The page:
“Data Science to study Macroscopic Dynamics in Urban Traffic Networks and Planning Urban Systems”
———————– Network Theory Seminar ————
Associate Professor, Department of City and Regional Planning
Title: Data Science to study Macroscopic Dynamics in Urban Traffic Networks and Planning Urban Systems
Tues, March 13th
Talk 3:10-4pm in 1131 Kemper
4-4:30pm refreshments and Q&A
4:30-5pm open session with all interested students
Abstract: I present a review on research related to the applications of big data and information technologies in urban systems. Data sources of interest include: Probe/GPS data, Credit Card Transactions, Traffic and Mobile Phone Data. Key applications are modeling adoption of new technologies and traffic performance measurements. I propose a novel individual mobility modeling framework, TimeGeo, that extracts all required features to model daily mobility from ubiquitous and sparse digital traces. Based on that framework, I present a multi-city study to unravel traffic under various conditions of demand and translate it to the travel time of the individual drivers. First, we start with the current conditions, showing that there is a characteristic time that takes to a representative group of commuters to arrive to their destinations once their maximum density has reached. While this time differs from city to city, it can be explained by the ratio of the vehicle miles traveled to their available street capacity. We identify three states of urban traffic, separated by two distinctive transitions. The first describing the appearance of the first bottle necks, and the second the transition to a complete collapse of the system. The transition to the second state measures the resilience of the various cities and is characterized by a non-equilibrium phase transition.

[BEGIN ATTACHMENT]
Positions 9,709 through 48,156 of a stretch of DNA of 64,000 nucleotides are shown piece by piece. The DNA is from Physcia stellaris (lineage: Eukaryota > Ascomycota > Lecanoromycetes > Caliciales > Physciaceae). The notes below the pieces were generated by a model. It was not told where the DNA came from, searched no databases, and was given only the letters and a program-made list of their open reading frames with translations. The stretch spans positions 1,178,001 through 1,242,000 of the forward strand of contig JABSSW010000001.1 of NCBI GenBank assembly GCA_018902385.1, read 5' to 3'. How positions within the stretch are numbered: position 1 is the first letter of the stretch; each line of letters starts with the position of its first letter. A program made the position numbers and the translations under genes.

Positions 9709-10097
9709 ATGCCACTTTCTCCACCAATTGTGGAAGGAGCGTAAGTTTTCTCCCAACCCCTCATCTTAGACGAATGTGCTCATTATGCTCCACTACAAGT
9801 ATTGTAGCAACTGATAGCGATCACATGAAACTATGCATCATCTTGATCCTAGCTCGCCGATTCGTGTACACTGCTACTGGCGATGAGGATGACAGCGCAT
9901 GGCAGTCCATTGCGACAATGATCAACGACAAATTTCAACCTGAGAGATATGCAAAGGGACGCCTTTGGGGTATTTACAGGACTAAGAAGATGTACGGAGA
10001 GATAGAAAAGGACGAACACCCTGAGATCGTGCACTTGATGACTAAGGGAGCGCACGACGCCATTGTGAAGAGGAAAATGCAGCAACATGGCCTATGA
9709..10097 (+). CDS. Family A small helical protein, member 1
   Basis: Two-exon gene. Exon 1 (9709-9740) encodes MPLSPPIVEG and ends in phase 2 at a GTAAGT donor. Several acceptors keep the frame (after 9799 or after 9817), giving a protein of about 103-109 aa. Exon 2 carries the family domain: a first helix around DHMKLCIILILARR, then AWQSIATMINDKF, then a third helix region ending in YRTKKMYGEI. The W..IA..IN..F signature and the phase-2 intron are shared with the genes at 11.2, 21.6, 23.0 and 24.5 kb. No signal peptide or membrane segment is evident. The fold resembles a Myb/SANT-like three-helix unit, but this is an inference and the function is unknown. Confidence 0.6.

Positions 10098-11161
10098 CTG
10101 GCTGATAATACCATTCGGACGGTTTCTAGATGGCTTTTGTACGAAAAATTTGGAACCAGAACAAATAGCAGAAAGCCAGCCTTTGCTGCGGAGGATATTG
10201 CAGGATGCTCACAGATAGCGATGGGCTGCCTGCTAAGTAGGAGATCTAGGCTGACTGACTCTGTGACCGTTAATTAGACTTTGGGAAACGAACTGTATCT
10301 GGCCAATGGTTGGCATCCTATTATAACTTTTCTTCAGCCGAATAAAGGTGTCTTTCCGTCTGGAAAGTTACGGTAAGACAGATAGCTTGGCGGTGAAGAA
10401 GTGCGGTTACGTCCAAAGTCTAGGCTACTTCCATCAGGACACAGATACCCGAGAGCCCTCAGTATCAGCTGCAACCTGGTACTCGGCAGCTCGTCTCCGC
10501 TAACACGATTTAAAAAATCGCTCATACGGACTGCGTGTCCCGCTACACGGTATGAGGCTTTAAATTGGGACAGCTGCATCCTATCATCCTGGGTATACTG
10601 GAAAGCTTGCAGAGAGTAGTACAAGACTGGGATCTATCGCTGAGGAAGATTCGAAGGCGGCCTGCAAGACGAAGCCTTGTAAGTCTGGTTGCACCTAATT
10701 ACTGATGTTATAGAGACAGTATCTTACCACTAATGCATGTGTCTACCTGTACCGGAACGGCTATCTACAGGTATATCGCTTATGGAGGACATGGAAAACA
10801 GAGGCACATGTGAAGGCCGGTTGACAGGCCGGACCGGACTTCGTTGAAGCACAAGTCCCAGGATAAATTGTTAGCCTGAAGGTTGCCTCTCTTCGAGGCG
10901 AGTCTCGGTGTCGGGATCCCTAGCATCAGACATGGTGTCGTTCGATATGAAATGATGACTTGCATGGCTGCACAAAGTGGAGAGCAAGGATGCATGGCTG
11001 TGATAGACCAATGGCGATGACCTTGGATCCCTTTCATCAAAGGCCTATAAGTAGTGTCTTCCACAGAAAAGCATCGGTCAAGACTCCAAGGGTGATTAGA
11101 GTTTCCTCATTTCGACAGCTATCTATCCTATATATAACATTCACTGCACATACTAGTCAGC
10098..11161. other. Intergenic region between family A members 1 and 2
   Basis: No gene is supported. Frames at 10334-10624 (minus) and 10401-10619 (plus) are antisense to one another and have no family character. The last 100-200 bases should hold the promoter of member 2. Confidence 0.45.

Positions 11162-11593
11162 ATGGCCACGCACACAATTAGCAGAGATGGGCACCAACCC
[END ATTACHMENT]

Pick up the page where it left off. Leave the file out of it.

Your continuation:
Bio: Marta C. Gonzalez is Associate Professor of City and Regional Planning at the University of California, Berkeley, and a Physics Research faculty in the Energy Technology Area (ETA) at the Lawrence Berkeley National Laboratory (Berkeley Lab). With the support of several companies, cities and foundations, her research team develops computer models to analyze digital traces of information mediated by devices. They process this information to manage the demand in urban infrastructures in relation to energy and mobility. Her recent research uses billions of mobile phone records to understand the appearance of traffic jams and the integration of electric vehicles into the grid, smart meter data records to compare the policy of solar energy adoption and card transactions. Credit to identify habits in spending behavior. Prior to joining Berkeley, Marta worked as an Associate Professor of Civil and Environmental Engineering at MIT, a member of the Operations Research Center and the Center for Advanced Urbanism. She is a member of the scientific council of technology companies such as Gran Data, PTV and the Pecan Street Project consortium.
1131 Kemper Hall